Sunday, December 19, 2010

Wonderful News

Europe Grants Animals Legal Status of Sentient Beings

December 2, 2009
December 1st was a big day for animals in the European Union: for the first time, fish and farmed animals alike have gained the legal status of “sentient beings.” This victory promises to shape all future legal measures in Europe related to raising, transporting, and slaughtering animals.
It’s been a long time coming. Back in 1991, a campaign initiated by Compassion in World Farming got sentient being status mentioned in a non-binding treaty declaration. In 1997, sentience was bumped up to a treaty protocol, which carried some legal force. Now, this status has been granted in the main text of the Lisbon Treaty, which carries far more legal power.
I know that the previous paragraph is tediously written—as Bismarck noted, crafting laws is like making sausage, it’s best not to see it happen—but the gains won this year set vital precedent. Here’s how Philip Lymberry, who runs Compassion In World Farming, sums up the victory:
I remember how our late founder dreamed of changing the EU’s underpinning Treaty to better address the status of animals. I remember how that goal was seen as impossible, impractical, by some, even laughable. Now that dream has come true. Now to make that other dream come true; an end to factory farming itself and its terrible travelling companion, the long distance transport of animals.
I say it all the time: the most important thing to understand about animal rights victories is that they’re all about precedent. This win not only advances the possibilities for animal protection in Europe, it will also give American activists a big push in seeking similar gains in the United States. (Danke, Mahi.) Link.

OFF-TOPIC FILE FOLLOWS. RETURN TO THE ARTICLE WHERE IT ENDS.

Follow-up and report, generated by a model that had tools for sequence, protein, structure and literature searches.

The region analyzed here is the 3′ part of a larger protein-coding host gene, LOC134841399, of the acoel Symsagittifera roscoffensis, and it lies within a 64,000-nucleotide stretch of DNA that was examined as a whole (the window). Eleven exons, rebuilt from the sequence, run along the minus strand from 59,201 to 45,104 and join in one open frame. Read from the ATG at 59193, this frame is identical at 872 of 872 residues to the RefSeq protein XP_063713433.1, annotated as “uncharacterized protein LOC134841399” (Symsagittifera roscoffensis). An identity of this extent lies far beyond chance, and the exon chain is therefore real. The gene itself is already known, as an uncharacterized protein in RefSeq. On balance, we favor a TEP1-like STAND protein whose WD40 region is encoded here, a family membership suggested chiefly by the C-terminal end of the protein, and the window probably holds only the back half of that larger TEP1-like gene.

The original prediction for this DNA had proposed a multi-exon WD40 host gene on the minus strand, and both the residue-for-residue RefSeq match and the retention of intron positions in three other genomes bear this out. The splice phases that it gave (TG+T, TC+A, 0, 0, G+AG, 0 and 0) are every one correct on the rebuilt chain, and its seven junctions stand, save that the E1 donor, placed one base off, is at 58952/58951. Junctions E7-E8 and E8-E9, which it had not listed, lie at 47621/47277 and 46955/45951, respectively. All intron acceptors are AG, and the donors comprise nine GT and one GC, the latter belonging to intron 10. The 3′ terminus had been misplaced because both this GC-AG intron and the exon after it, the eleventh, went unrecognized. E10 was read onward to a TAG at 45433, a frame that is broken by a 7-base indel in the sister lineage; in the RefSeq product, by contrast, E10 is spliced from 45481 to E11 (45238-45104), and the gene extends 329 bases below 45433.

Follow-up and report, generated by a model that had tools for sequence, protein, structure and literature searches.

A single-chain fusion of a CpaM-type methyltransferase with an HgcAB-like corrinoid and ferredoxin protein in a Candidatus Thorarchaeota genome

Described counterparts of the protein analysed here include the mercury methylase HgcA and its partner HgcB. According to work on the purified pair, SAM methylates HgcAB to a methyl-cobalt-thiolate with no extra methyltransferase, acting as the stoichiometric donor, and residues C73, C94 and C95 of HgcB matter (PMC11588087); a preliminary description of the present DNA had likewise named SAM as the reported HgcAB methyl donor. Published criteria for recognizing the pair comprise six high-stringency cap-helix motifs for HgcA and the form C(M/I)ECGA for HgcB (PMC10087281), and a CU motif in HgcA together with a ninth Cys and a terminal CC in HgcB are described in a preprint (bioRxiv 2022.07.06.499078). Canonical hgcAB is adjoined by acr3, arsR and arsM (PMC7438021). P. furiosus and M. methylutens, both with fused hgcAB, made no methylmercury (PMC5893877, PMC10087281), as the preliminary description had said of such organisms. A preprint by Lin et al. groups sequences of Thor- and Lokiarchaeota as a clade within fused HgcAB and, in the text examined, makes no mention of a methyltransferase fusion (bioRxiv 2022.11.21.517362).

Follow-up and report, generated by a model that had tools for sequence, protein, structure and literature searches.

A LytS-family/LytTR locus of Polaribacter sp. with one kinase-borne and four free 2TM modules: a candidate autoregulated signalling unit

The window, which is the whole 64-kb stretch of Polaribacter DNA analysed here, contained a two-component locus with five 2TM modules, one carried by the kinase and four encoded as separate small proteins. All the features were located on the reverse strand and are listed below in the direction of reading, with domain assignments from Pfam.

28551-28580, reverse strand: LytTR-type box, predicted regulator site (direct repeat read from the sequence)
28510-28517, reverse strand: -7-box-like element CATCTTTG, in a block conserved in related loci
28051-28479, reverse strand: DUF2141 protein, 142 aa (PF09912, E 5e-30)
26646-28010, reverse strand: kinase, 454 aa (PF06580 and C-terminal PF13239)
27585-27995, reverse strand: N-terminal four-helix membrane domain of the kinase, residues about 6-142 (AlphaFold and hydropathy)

Tuesday, December 7, 2010

Sweet Pea will die in a shelter gas chamber tomorrow if we can't find foster home!

Beagle Mix: An adoptable dog
Small • Senior • Female

...Beagle Senior Very nice, good with other dogs, good with cats,
good with children... All she wants is to curl up next to someone who
will love her and give her a pat. She is scheduled
to be put down tomorrow, please please help by offering a foster home for her,
this face is breaking our hearts

Tuesday, November 23, 2010

Dog needs help asap

This stray was just brought in by  dog wardens.  She was found injured (possibly hit by car) and has severe damage to her front right leg.  She has no identification on her and will be held for the next 72 hours to see if anyone claims her.  She is currently on IV pain medication.   A vet that has offered to amputate her leg for free after the 72 hour stray hold if she is not claimed by her owner.  Our foster homes are full and we will not be able to house her after the surgery.  We need a rescue to commit to taking her after her surgery and providing her with the after care that she will need.  Please let Tara know if you wouldl be able to take her...............